Monday, May 18, 2009

Watching Bad Movies So You Don't Have To: Rickey Reviews "Angels & Demons"

"To pay to see this movie would be an affront unto God, Man, and Good Taste" -The Gospel of Rickey, 5:18

Pop quiz moviegoers: what do you get when you make a movie featuring a lead actor who hasn't made a good film since "Bonfire of the Vanities," shot by a director who hasn't made a good film since "Apollo 13," based on a book by a guy who hasn't written a good novel since... well ever? You get one seriously terrible movie.

"Angels & Demons" kicks off much like any other subtle intellectual movie about the conflict between science and religion: with a member of the Illuminati breaking into a particle collider facility using the old "gouge out somebody's eyeball to get past the retinal scanner" trick, making off with a vial of highly destructive anti-matter, and then planning to annihilate the Vatican and all of Rome in a 5 kiloton anti-matter fueled cataclysmic blast. The Vatican gets word of this and a closed door meeting is convened consisting of a lot of billowing red robes and incense and a consensus is reached along the lines of "Jesus H. Christ on a pogo stick, we're having a tough enough time getting our priests to keep their hands off altar boys--we ARE NOT equipped to prevent the detonation of an anti-matter bomb." And so the Catholic Church does what any other organization would do in these sorts of situations, they hire a consultant.

Enter stage right, Tom Hanks as Professor Robert Langdon. A man whose intelligence the movie goes to strenuous lengths to point out. Marvel as Tom Hanks mumbles aloud in Latin! He stares pensively at marble statues! He turns pieces of parchment upside down! He sees symbols and icons that non-academics like us could never perceive! He can detect when people are jetlagged! He went to Exeter! (Rickey can totally testify to the intellectual capabilities of Exeter men, by the way. A college buddy of Rickey's who attended Exeter once got rip-roaring drunk and tumbled down a flight of stairs and upon reaching the bottom immediately and correctly proclaimed that he had fractured his fifth metacarpal. Let's see one of you public school lackeys try to pull that off). Tom Hank’s character at first refuses the Vatican’s plea for help, because they’ve been denying him access to their library resources which he needs to complete his book about religious iconography. Even worse, he continues to gripe about his incomplete book throughout the entire damned movie, presumably because he’s worried about losing his tenure at whatever university he teaches at that’s cool with him squinting a lot and walking around like a complete prick.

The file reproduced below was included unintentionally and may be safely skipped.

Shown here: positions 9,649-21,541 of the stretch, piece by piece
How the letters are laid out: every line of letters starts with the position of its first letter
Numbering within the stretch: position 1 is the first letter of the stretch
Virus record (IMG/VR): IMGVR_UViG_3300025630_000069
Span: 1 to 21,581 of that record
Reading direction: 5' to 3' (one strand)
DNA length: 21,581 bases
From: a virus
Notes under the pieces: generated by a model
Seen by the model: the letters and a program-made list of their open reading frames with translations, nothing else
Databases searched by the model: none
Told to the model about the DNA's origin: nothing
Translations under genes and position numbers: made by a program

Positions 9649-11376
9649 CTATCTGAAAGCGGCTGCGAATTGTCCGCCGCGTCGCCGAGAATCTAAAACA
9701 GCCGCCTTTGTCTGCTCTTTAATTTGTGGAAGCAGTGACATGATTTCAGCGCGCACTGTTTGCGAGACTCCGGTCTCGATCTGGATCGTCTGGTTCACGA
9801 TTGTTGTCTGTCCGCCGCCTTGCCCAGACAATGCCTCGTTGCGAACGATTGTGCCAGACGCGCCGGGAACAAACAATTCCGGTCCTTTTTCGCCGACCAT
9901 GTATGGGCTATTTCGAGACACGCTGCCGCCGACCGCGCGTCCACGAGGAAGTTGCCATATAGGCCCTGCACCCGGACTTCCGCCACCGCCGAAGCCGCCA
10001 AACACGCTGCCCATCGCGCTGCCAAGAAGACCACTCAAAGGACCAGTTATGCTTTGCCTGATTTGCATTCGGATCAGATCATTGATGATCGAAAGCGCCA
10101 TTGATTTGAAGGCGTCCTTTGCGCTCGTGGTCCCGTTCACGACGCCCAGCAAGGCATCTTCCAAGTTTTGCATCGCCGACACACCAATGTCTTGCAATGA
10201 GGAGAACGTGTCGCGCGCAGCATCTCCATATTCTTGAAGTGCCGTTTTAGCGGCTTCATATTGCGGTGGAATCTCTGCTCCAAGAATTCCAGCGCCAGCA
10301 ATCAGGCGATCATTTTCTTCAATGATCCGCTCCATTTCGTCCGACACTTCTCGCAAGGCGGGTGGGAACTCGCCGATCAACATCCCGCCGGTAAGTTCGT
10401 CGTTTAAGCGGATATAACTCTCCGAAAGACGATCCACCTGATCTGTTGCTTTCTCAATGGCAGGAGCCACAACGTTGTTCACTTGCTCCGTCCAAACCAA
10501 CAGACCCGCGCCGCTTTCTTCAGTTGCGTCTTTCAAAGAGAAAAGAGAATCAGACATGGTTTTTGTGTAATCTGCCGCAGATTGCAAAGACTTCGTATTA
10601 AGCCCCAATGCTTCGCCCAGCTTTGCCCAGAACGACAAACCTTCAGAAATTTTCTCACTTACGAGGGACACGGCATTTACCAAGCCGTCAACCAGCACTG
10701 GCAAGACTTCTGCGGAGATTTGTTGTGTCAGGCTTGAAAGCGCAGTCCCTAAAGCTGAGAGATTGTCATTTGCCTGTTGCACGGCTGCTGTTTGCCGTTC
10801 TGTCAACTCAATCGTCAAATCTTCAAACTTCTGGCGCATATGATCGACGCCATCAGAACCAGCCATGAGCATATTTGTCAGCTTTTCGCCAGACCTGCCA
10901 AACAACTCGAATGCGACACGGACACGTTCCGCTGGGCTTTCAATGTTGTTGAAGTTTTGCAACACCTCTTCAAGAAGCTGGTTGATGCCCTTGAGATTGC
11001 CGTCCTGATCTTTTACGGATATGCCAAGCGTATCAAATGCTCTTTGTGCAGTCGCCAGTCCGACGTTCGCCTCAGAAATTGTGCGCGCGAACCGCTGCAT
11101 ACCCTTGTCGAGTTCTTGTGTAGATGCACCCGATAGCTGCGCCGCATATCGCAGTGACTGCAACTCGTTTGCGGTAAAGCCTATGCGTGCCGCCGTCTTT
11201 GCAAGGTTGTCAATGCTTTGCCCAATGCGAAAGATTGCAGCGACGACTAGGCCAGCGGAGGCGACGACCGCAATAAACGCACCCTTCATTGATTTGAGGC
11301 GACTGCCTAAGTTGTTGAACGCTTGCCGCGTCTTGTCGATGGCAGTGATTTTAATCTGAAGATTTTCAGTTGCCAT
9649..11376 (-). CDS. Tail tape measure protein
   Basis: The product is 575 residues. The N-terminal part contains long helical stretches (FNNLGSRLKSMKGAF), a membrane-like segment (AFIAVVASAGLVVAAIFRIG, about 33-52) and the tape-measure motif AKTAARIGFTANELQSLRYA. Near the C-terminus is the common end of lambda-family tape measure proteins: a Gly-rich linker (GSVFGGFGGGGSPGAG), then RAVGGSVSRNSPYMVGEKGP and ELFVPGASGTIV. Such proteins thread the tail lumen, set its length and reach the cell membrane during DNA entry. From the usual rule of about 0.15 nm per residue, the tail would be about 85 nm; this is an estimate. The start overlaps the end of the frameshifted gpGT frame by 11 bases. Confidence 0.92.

After some cajoling, Tom Hanks finally agrees to aid the Vatican and sets off for Rome, the location in which both the Illuminati and director Ron Howard have chosen to hold their audience hostage for two agonizing hours. Hanks, with a sassy female scientist in tow, scurries around Rome trying to track down an Illuminati terrorist whose nefarious plan is unraveled by his ill advised decision to commit his crimes in easily discovered locations marked by Renaissance statues pointing directly at them. There's enough sweeping camera angles, flowing red robes, and pageantry in this film that one has a tough time believing that the Catholic Church didn't make the movie themselves. In actuality, the Catholic Church forbade Ron Howard from shooting "Angels & Demons" in Vatican City, apparently unaware of the benefits of any media coverage that distracts the public that we live in a day and age in which it's necessary for a religious organization to buy an insurance policy for pedaresty.

The action in “Angels & Demons” is completely uninspired. Trust us, you’ve seen enough movies shot in Italy with small European cars whizzing through crowded streets not to be impressed by this one. One thrilling scene even features Hanks trying to escape from the hallowed Vatican archives as oxygen is drained from an airtight reading room (and you thought senior citizens breaking wind at your local library was bad). The main bad guy is a bespectacled member of the Illuminati, a secret society introduced into the movie’s plot to pander to the highly coveted tinfoil hat/ten sided die owning demographic.